"Building Gracious Community Within Diversity"
The Peace Community Spiritual Center
  17029 W. 13 Mile Road     Southfield, Michigan    48076      248.642.7047

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Welcome to the Peace Community Spiritual Center!

The Peace Community Spiritual Center is a non-profit Michigan organization located in the center of Metropolitan Detroit and dedicated to serving one of the most culturally, ethnically and religiously divergent neighborhoods in the United States.
Our mission is to build bridges & alliances among the many benevolent people and organizations in our community.
We do this primarily by providing affordable community
meeting space, basic support, and gracious hospitality.

Organizations Currently Meeting At The PCS Center:

Peace Lutheran Church
Loving Restoration
Restoration Ministries of India
Church Of Abundant Life
Point Of Vision Presbyterian Church
Rosedale Community Players
Grounds For Peace Coffeehouse
Michigan Alliance of TimeBanks
Friends & Neighbors TimeBank
Yoga Classes
Drive Smart Driving School
AA     NA    CLA
Mt Zion Baptist Church Bible Study Group
Thine-Teswar Summer Arts Program
Michigan Weavers Guild

Life In The Lifeboat

The inspiration for the Peace Community Spiritual Center emerged from the financial and real estate crisis that devistated the Detroit area in 2008-2009.   Many small churches and organizations were seeking a place to land after losing their meeting  space.  At the same time, Peace Lutheran Church in Southfield, Michigan, had lost membership to the flight of folks moving out of state to find work and could no longer afford to heat, light, and maintain the large church facility without help.  Over the course of a year, Peace Lutheran and four other ethnically, theologically, and culturally diverse congregations joined together under one roof to create a unique spiritual community center.  They were joined by the Rosedale Community Players -- a community theater group -- who transformed the church fellowship hall into a theater.

A Note From The Director

I am the long-time pastor of a small, financially stressed, suburban congregation in Metro Detroit. Our neighborhood was once mostly Anglo – and our membership was large enough to build and support a large facility. Most of those members have aged and moved away or into assisted living facilities. Today our neighborhood is as culturally, ethnically, and racially diverse as anywhere in the U.S. Our immediate neighbors are Anglo, Black, Hispanic, Sri Lankan, Filipino, Jewish, Pentecostal, Catholic, Hindu, Unchurched, Straight, Gay, Old, Young, Conservative and Liberal.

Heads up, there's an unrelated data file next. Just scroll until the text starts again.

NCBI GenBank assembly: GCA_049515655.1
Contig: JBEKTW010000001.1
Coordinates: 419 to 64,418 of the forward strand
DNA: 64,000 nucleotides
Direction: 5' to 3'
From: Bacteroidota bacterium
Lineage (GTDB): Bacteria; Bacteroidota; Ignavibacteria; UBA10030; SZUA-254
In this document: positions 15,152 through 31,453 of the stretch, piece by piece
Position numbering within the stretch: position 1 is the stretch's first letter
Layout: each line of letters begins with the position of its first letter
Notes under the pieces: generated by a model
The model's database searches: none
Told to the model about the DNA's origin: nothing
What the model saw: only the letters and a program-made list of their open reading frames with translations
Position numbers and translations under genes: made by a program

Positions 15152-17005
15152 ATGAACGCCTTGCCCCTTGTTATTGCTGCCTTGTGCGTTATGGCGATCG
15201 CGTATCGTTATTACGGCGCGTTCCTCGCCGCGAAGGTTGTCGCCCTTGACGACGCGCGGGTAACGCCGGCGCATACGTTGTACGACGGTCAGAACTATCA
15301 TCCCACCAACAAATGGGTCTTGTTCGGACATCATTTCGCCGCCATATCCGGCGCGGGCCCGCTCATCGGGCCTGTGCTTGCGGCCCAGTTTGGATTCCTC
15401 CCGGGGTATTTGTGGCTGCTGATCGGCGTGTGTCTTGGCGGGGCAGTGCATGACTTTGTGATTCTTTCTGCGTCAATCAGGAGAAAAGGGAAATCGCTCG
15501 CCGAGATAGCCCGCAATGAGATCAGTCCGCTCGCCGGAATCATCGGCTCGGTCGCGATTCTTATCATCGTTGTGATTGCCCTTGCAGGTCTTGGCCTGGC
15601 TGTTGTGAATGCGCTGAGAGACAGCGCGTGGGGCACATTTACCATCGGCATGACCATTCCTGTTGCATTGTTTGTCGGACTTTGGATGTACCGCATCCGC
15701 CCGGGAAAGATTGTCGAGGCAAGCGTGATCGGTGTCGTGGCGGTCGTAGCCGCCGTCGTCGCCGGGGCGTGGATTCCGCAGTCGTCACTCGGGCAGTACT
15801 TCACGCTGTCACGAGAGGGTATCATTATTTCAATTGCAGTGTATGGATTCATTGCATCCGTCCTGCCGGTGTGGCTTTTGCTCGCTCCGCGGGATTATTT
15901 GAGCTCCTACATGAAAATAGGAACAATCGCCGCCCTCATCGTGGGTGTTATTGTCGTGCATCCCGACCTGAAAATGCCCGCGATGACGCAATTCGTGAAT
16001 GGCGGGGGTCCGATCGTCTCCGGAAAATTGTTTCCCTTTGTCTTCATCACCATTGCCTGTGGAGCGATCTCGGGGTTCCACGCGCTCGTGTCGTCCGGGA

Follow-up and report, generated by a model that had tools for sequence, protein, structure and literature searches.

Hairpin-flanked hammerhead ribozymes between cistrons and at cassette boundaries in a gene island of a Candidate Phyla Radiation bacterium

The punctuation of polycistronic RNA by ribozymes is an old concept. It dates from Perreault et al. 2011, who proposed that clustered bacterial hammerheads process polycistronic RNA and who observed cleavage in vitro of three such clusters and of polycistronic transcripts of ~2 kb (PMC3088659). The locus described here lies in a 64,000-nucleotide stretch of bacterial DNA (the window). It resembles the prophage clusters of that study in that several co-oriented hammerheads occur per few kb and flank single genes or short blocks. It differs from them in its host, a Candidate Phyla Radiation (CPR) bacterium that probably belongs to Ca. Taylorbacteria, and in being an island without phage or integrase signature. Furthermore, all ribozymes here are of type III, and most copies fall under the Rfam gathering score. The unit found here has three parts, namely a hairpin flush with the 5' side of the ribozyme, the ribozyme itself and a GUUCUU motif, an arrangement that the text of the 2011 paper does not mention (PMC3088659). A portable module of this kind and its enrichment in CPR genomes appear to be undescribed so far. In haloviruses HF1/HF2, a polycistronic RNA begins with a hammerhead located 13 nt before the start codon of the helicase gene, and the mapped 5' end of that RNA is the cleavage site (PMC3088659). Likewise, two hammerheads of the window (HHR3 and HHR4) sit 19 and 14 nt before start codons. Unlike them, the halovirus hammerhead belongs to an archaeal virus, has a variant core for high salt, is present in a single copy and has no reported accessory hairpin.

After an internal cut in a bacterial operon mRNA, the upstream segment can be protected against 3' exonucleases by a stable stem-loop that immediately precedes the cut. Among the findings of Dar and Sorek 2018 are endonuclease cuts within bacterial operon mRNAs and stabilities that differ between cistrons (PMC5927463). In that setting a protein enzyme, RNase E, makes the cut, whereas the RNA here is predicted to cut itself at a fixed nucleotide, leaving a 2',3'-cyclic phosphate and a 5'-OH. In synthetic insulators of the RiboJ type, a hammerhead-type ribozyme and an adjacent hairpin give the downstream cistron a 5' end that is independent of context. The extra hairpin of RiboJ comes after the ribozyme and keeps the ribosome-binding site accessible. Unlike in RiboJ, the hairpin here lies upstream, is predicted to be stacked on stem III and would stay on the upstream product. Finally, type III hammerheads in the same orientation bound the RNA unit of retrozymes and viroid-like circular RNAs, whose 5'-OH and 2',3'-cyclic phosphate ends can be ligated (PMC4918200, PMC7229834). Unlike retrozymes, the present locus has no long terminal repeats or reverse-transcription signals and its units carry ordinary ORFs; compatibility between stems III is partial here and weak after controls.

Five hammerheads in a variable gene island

In the fall of 2009, with the recession at its peak, we invited the community around us to join with us under our roof. We began partnerships with four small, ethnic, protestant congregations looking for a home. The partnerships included both rental agreements and covenant agreements to treat one another with respect and love as we use the building together – modeling St. Paul's vision of the body of Christ in 1 Corinthians 12 & 13.

The relationships that have been created are pure grace. Two of the congregations are African-American – one from the Church of God in Christ, the other a break-off from the Progressive National Baptist Convention led by a long-time minister and University of Michigan sociology professor. The third is an East Indian Restoration Church led by a missionary pastor from India. The last is a small Presbyterian Congregation that specializes in contemplative prayer. None would be able to afford a building on their own. In addition to the congregations, we began partnering with a struggling Community Theater group that was looking for rehearsal and performance space, and were able to convert our Fellowship Hall into Coffeehouse/Theater space.

Our building has become for all practical purposes a vibrant "spiritual community center" – a place centered around hospitality and grace that encourages community among very different people in the name of Jesus. Like many churches in our area, ours is struggling financially. Some in the ELCA tell me that our kind of neighborhood will not support an ELCA church, so we should give it up. But I believe that would be a shame.

Our congregation has created a vibrant, Spirit-filled, multi-ethnic, multi-racial, ecumenical community housed in our building – a real asset to our community – but our congregation can no longer support this ministry, even with rental income from our partners. To keep this ministry going, the church needs significant new financial resources in order to get through the winter months – about $25,000. We have created a non-profit organization to manage the building and to initiate new ways of relating to the neighborhood surrounding the church. Through that non-profit, we hope to raise some money from the community at large, but that will likely fall far short of our needs. Our local Lutheran Synod office is under-funded and over-committed as it is – so Synod support is not an option.

What I am wondering is if there might be funding available for this ministry and community project that may come from outside of our denomination – funding that might let us pay our building heating bills this winter, giving us time to further develop our community center non-profit. Can you point me to resources, programs, or funding sources of which I may not aware? Drop me an email, give me a call, or pass on a message through someone at Peace if you can think of something that might help what God is doing through our church.

Tim Larson, director and called pastor of Peace Lutheran Church, Southfield, MI

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